Torque, speed and horsepower tell nothing about the ability of an engine to change speed. That is a whole other calculation involving the the rotational mass or moment of inertia or in simple terms, the weight of the flywheel compared to the horse power. The larger the flywheel/rotational mass is compared to the engine power, then the lower the acceleration and vice-versa.


Jim


Top of pagePrevious messageNext messageBottom of page Link to this message  By Eric Dysart - SoCal on Friday, June 14, 2013 - 03:42 am:

Jim,
You make a good point. I was going to ask what does any of it have to do with Model T's, but then I noticed that this thread is labeled "OT". My comments were an oversimplification of the difference between torque and HP in cars like our T's. I guess my comment is the one that doesn't belong in this thread.

Carry on.
Eric


Top of pagePrevious messageNext messageBottom of page Link to this message  By Tom Miller, Mostly in Dearborn on Friday, June 14, 2013 - 06:11 am:

I am seeing more and more German HP figures published in PS units and less in kW. PS is the abbreviation for Pferde Starke. And we all know what a pferde is if we saw the movie Der Pferdeflüsterer.

When it comes to engine design, under square and over square comes into the torque determination. Oversquare engines with large bores and short strokes are going to be capable of high revs and high horsepower but sacrifice torque to some degree. The undersquare engines have longer strokes with a longer lever arm on the crankshaft. The piston will take a little bit longer time wise to travel the long stroke so horsepower and revs will be lower. For towing, I'll take a low horsepower, high torque diesel any day. For driving, I'll take something a little more high revving and I'm willing to sacrifice a little torque.


Top of pagePrevious messageNext messageBottom of page Link to this message  By Doug Money - Braidwood, IL on Friday, June 14, 2013 - 06:58 am:

From Wiki:

Mechanical horsepower[edit]Assuming the third CGPM (1901, CR 70) definition of standard gravity, gn=9.80665 m/s2, is used to define the pound-force as well as the kilogram force, and the international avoirdupois pound (1959), one mechanical horsepower is:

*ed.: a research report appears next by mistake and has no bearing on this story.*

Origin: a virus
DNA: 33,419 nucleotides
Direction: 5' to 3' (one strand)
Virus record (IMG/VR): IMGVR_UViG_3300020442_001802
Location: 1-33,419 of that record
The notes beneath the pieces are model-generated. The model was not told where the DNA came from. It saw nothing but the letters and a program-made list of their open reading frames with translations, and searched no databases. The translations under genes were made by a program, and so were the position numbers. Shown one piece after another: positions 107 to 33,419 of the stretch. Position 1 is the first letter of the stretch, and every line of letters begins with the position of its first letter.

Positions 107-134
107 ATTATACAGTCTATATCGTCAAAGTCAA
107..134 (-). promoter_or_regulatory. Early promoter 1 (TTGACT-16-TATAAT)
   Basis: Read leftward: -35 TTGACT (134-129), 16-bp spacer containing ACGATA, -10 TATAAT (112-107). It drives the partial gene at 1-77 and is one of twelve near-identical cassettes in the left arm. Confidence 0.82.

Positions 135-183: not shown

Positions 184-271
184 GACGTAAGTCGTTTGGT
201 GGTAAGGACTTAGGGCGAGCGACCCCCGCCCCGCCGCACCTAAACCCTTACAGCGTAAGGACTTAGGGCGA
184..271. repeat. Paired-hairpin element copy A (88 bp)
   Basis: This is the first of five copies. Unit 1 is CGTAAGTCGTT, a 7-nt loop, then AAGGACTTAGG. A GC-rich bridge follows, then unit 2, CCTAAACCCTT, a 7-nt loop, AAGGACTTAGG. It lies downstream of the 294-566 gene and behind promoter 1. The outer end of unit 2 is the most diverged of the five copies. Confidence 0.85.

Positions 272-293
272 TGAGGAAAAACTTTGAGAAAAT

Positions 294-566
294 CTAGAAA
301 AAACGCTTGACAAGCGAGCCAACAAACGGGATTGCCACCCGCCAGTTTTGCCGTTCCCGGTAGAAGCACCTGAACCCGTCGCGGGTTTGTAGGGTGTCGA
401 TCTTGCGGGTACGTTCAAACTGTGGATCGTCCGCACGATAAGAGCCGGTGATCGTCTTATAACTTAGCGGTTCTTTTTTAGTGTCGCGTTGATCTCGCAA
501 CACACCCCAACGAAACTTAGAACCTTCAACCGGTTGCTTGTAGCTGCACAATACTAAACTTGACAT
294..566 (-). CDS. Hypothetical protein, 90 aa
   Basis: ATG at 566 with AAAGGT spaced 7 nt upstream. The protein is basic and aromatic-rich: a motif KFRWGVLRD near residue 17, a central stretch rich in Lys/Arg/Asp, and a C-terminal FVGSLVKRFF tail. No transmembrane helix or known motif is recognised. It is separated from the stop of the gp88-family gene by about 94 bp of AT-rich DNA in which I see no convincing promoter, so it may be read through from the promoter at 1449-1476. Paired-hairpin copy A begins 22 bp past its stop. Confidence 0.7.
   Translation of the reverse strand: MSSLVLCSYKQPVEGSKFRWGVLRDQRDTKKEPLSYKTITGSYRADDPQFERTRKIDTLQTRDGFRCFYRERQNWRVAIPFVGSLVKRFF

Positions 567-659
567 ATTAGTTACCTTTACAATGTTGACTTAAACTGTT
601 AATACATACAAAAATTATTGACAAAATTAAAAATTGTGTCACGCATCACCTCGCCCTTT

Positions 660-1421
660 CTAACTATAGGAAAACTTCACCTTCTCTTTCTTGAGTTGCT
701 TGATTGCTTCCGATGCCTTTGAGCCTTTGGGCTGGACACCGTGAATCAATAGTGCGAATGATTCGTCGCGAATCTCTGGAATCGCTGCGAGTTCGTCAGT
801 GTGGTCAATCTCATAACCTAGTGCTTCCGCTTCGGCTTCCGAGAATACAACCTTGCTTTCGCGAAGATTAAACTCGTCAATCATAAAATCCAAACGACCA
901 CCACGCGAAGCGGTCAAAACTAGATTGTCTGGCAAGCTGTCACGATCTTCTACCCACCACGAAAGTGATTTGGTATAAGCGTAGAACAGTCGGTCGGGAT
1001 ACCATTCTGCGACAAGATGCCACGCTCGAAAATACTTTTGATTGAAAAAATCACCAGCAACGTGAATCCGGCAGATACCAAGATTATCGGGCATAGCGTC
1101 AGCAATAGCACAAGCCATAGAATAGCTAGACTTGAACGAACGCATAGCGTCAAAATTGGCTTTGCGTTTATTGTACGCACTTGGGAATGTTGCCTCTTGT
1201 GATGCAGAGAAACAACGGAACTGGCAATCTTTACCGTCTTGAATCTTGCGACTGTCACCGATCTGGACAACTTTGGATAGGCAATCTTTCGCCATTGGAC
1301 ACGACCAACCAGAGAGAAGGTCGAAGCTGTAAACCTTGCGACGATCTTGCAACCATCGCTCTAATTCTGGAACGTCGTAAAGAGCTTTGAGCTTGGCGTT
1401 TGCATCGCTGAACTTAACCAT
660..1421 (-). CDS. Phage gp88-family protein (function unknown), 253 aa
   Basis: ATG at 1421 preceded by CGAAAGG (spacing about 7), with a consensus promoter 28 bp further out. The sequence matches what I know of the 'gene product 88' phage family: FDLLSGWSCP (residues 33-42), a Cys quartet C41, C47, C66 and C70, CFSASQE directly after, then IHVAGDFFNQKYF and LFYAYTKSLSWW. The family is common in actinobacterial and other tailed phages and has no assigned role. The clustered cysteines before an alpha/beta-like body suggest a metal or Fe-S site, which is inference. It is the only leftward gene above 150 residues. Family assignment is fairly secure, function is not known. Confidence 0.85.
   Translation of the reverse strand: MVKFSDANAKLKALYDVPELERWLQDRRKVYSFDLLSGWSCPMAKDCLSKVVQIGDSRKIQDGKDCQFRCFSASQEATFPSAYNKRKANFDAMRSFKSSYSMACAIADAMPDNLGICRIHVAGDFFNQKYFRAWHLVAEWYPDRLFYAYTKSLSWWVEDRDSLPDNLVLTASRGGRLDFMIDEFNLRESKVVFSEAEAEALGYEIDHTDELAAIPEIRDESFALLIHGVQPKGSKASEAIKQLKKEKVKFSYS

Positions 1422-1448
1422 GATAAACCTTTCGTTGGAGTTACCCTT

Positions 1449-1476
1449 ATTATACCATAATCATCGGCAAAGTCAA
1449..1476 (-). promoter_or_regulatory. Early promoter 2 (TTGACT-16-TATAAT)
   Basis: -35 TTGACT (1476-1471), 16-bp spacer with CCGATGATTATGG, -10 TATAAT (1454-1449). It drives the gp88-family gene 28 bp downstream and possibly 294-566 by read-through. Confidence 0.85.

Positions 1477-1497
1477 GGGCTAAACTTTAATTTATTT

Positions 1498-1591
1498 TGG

1 hp 《 33,000 lb-ftf/min by definition
= 550 ft,lbf/s since 1 min = 60 s
= 550〜0.3048〜0.453592376 m,kgf/s since 1 ft = 0.3048 m and
= 76.0402259128 kgf,m/s 1 lb = 0.453592376 kg
= 76.0402259128〜9.80665 kg,m2/s3 g = 9.80665 m/s2
= 745.699881448 W since 1 W 《 1 J/s = 1 N,m/s = 1 (kg,m/s2),(m/s)

Or given that 1 hp = 550 ft,lbf/s, 1 ft = 0.3048 m, 1 lbf 「 4.448 N, 1 J = 1 N,m, 1 W = 1 J/s: 1 hp = 746 W


Top of pagePrevious messageNext messageBottom of page Link to this message  By Rob Heyen - Nebraska on Friday, June 14, 2013 - 10:50 am:

Thanks for the great information. For some time I've wondered "why the six cylinder"? In other words, why did Henry Ford choose a six cylinder over a large four cylinder for the Model K? The Model B, predecessor to the K, had a large (for the period) four cylinder engine. Why not just increase the size? Was the six chosen for better "torque"? Or did he (Ford) believe that the "six" was the future in higher horsepower engines (see article below)?

Following is an excerpt (lengthy) from a journal article by Henry Ford, printed in 1906:

"The Horseless Age"
In reply to the charge frequently made by those who still advocate the four as against the more modern six cylinder type of motor car, Henry Ford has the following to say: "The six cylinder motor not only is not heavier than the four cylinder one of the same power, but, on the contrary, is even somewhat lighter. Without authentic power tests at hand, the only way to compare the powers is to compare the piston displacement of each. Compression and speed being equal, the difference between the two will be so slight it may be considered a negligible quantity. "The six cylinder Ford motor is rated at 40 horse power. The cylinder dimensions are 4 1/2 x 4 1/2 inches bore and stroke respectively. The total piston displacement in the six cylinders is therefore 360.5 cubic inches. Four cylinders having the same piston displacement would need to have a bore and stroke of 5 1/2 x 5 1/4 inches respectively. (Motors of these dimensions are ordinarily rated at 50 horse power.) A four cylinder motor of the above dimensions would ordinarily have a flywheel of 20 inches diameter and weighing not less than 140 pounds. The Ford six cylinder has a 16 inch flywheel, weighing 65 pounds.